In the second case, and supposing the row already exists for that employee (this

would be part of an application's initialization step), one could do it as follows:

DECLARE

DateToUpdate1 DATE := to_date('22-03-1999', 'DD-MM-YYYY');

DateToUpdate2 DATE := to_date('26-03-1999', 'DD-MM-YYYY');

Emp Schedule%rowtype;

BEGIN

SELECT INTO

Emp

FROM

Schedule_s

WHERE

Employee# = :EmployeeNo

FOR UPDATE;

SetOps.Incl(Emp.SL_s,

DateToUpdate1 - TRUNC(DateToUpdate1, 'YEAR'));

SetOps.Incl(Emp.SL_s,

DateToUpdate2 - TRUNC(DateToUpdate2, 'YEAR'));

INSERT INTO

Schedule_s

VALUES

(Emp.Employee#,

Emp.V_s, Emp.OS_s, Emp.HL_s, Emp.SL_s,

Emp.P_s, Emp.E_s, Emp.S_s, Emp.M_s);

COMMIT;

END;

As it is immediately apparent, manipulating these more compact data structures is

more complex and a fully procedural approach is unavoidable. However, a full year's

data is available for the current employee after only one SELECT. More importantly,

there is no risk that an employee's day schedule is inserted more than once, contrary

to the 1st case. Enforcing the business rule that all employees are daily busy on one

and only one task category can be quite easy in the 1st case:

SELECT

Employee#, TheDate, V + OS + HL + SL + P + E + S + M

FROM

Schedule

WHERE

V + OS + HL + SL + P + E + S + M != 1

AND

TheDate BETWEEN to_date(:DateToCheck1) AND to_date(:DateToCheck2);

In the 2nd case, one needs to resort to a PL/SQL procedure:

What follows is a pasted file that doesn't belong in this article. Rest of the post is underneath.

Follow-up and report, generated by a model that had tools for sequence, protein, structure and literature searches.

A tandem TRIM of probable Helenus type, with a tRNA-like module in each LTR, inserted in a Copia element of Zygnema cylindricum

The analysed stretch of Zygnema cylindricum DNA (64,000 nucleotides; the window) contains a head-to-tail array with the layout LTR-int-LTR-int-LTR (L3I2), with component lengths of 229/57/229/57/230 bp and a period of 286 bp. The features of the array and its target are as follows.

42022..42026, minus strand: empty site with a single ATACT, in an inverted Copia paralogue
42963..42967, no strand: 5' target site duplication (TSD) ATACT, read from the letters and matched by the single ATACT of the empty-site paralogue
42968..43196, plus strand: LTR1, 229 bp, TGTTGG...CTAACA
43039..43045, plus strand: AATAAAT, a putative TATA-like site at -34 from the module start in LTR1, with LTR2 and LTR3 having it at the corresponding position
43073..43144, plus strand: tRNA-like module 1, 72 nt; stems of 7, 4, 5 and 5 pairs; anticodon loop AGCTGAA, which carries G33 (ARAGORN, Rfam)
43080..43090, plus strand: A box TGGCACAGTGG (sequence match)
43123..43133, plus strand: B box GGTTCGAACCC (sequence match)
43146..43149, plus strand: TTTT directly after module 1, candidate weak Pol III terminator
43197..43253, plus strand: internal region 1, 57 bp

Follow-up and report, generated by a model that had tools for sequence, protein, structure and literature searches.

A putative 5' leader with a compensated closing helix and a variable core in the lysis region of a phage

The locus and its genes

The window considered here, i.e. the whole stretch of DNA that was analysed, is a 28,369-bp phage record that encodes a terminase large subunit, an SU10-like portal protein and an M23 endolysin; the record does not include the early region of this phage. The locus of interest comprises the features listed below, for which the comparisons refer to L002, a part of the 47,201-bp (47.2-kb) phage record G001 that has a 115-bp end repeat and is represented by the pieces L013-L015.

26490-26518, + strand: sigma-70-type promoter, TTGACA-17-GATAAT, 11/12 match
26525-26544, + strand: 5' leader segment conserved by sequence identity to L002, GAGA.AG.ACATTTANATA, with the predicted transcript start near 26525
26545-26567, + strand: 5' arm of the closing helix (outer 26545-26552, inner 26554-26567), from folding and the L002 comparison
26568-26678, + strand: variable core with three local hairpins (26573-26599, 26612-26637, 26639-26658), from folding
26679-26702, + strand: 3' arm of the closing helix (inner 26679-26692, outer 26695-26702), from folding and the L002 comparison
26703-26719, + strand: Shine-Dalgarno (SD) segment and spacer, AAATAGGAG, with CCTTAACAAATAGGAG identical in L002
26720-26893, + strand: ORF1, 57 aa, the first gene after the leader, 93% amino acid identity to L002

EXECUTE

TheApp.CheckBusinessRule(t

to_date(:DateToCheck2));

CheckBusinessRule()'s implementation looks much trickier:

PROCEDURE CheckBusinessRule(DateToCh

DateToCheck2 IN DATE) IS

Emp Schedule%rowtype;

NbTasks BINARY_INTEGER;

BEGIN

FOR SELECT INTO Emp FROM Schedule_s LOOP

FOR DateToCheck IN DateToCheck1 - TRUNC(DateToCheck1, 'YEAR')

..

DateToCheck2 - TRUNC(DateToCheck2, 'YEAR')

LOOP

CountTasksAtDate(Emp,

DateToCheck1 + DateToCheck,

NbTasks);

IF NbTasks != 1 THEN

-- output the error, e.g. through dbms_output;

dbms_output.put_line(Emp.E

to_char(DateToCheck1 + DateToCheck,

'DD-MM-YYYY') || ' ' ||

to_char(NbTasks));

END IF;

END LOOP;

END LOOP;

END CheckBusinessRule;

The procedure CountTasksAtDate() is implemented as follows:

PROCEDURE CountTasksAtDate(Emp IN Schedule%rowtype,

DateToCheck IN Date,

NbTasks OUT BINARY_INTEGER) IS

Sum BINARY_INTEGER;

Index BINARY_INTEGER := DateToCheck - TRUNC(DateToCheck, 'YEAR');

BEGIN

Sum := bool_to_number(BitOps.In(E

bool_to_number(BitOps.In(E

bool_to_number(BitOps.In(E

bool_to_number(BitOps.In(E

bool_to_number(BitOps.In(E

bool_to_number(BitOps.In(E

bool_to_number(BitOps.In(E

bool_to_number(BitOps.In(E

NbTasks := Sum;

END CountTasksAtDate;

with bool_to_number() quite obviously returns 1 if its boolean argument is TRUE,

and 0 otherwise. Of course, those are only implementation examples and numerous

variations are possible. The relevant concept is that they all should be packaged